Food allergy VS Food intolerance

Differentiate a food allergy from a food intolerance can sometimes be tricky. Here are the main differences between the two.

What is a pet food allergy?

The immune system is involved when we talk about allergies. For instance, your dog's immune system can negatively respond to some ingredients and release histamine, which will make your dog itch. 

Food allergies often trigger skin-related issues in dogs: inflammation, itching, hair loss... They sometimes also develop recurring ear infections.

However, itchy skin doesn't always come from a food allergy. True food allergies are very rare and only represent 1% of all skin conditions in dogs.

If you suspect that your dog is allergic to certain foods, your vet will be able to advise in regards to allergy testing.

What is a pet food intolerance?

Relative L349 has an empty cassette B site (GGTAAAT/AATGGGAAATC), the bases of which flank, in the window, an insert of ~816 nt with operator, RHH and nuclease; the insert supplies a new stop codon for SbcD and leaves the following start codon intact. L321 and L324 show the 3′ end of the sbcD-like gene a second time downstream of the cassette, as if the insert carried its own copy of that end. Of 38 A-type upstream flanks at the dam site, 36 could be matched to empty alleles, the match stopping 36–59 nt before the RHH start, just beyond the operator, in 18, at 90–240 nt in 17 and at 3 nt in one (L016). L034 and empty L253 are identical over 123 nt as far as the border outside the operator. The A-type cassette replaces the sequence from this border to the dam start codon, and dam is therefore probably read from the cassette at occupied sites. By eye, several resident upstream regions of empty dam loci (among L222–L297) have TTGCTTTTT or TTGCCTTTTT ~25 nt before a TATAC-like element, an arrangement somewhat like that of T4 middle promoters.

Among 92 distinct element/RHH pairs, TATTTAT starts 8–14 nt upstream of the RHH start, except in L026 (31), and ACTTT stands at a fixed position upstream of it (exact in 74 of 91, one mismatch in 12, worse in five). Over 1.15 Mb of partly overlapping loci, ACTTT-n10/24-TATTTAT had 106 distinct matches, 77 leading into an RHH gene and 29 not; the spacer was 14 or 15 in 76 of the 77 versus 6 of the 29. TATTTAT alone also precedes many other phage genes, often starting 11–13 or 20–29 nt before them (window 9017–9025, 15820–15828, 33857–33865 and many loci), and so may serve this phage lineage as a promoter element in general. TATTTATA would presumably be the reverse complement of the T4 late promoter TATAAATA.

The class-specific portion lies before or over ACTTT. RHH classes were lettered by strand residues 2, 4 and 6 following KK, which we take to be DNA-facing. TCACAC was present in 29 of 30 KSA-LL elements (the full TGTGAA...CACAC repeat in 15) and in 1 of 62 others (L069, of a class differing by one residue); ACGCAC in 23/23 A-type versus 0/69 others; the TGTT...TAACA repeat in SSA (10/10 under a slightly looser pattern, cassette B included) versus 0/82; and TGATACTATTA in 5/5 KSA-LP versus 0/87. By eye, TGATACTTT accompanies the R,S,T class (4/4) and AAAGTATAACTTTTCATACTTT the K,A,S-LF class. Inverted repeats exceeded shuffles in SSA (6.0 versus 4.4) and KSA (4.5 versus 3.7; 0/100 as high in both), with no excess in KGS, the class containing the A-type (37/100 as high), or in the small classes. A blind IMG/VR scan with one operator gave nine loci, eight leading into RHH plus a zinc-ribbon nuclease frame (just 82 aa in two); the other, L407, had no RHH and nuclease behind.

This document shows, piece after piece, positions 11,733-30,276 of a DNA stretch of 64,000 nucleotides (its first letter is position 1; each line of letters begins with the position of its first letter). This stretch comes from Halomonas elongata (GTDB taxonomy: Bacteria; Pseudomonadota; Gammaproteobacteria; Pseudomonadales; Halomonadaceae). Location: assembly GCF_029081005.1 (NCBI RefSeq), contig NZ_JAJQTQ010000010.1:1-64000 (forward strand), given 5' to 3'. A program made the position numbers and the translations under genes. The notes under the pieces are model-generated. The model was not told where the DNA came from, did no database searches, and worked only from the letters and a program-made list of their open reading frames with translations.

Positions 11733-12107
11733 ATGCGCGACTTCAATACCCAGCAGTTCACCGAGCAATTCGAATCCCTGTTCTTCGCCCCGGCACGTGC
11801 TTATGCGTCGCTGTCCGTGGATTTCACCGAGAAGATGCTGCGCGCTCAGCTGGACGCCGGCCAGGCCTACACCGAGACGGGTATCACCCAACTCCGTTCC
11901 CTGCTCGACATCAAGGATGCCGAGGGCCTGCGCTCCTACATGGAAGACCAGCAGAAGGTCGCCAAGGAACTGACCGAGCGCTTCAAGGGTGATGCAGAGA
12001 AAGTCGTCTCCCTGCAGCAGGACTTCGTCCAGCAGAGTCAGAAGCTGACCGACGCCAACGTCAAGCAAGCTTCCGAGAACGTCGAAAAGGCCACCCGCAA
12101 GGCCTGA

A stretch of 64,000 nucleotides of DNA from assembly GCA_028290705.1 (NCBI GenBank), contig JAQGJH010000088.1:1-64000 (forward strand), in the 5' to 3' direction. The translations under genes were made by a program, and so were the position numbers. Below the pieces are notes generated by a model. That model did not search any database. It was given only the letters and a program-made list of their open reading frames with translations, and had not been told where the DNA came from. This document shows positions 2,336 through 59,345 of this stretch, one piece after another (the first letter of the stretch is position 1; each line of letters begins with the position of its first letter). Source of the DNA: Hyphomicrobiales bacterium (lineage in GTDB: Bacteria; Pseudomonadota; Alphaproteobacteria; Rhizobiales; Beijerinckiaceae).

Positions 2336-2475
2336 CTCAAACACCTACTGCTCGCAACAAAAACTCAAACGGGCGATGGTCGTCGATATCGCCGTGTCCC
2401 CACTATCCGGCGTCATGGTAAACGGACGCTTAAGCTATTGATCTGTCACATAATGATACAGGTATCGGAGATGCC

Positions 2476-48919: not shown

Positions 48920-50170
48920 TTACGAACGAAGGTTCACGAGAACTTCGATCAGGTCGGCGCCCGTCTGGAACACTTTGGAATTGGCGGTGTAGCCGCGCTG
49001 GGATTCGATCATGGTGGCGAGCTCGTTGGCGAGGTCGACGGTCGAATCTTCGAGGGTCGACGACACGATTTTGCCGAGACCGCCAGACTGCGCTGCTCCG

As opposed to an allergy, a food intolerance doesn't involve the immune system. A food intolerance means that your dog doesn't digest this food very well.

A food intolerance can manifest itself with the same symptoms as a food allergy, making it hard to differentiate.

One way to find out if your dog is sensitive to some foods is to eliminate these foods from their diets for a few weeks. If symptoms disappear but reappear when you reintroduce the food, then they are most likely caused by intolerances.

The main ingredients responsible for food intolerances are grains (other than rice), beef, pork, soya and dairy.

How to feed your dog?

Once you've established with the help of your vet that your dog suffers from a food intolerance or allergy, the obvious thing to do is to avoid feeding them the triggering foods:

  • Avoid the ingredient by reading the dog food labels
  • Prefer hypoallergenic foods that don't contain any common allergens
  • Stick to the same protein source and more generally the same foods.
  • Choose grain-free recipes in case of intolerance to grains.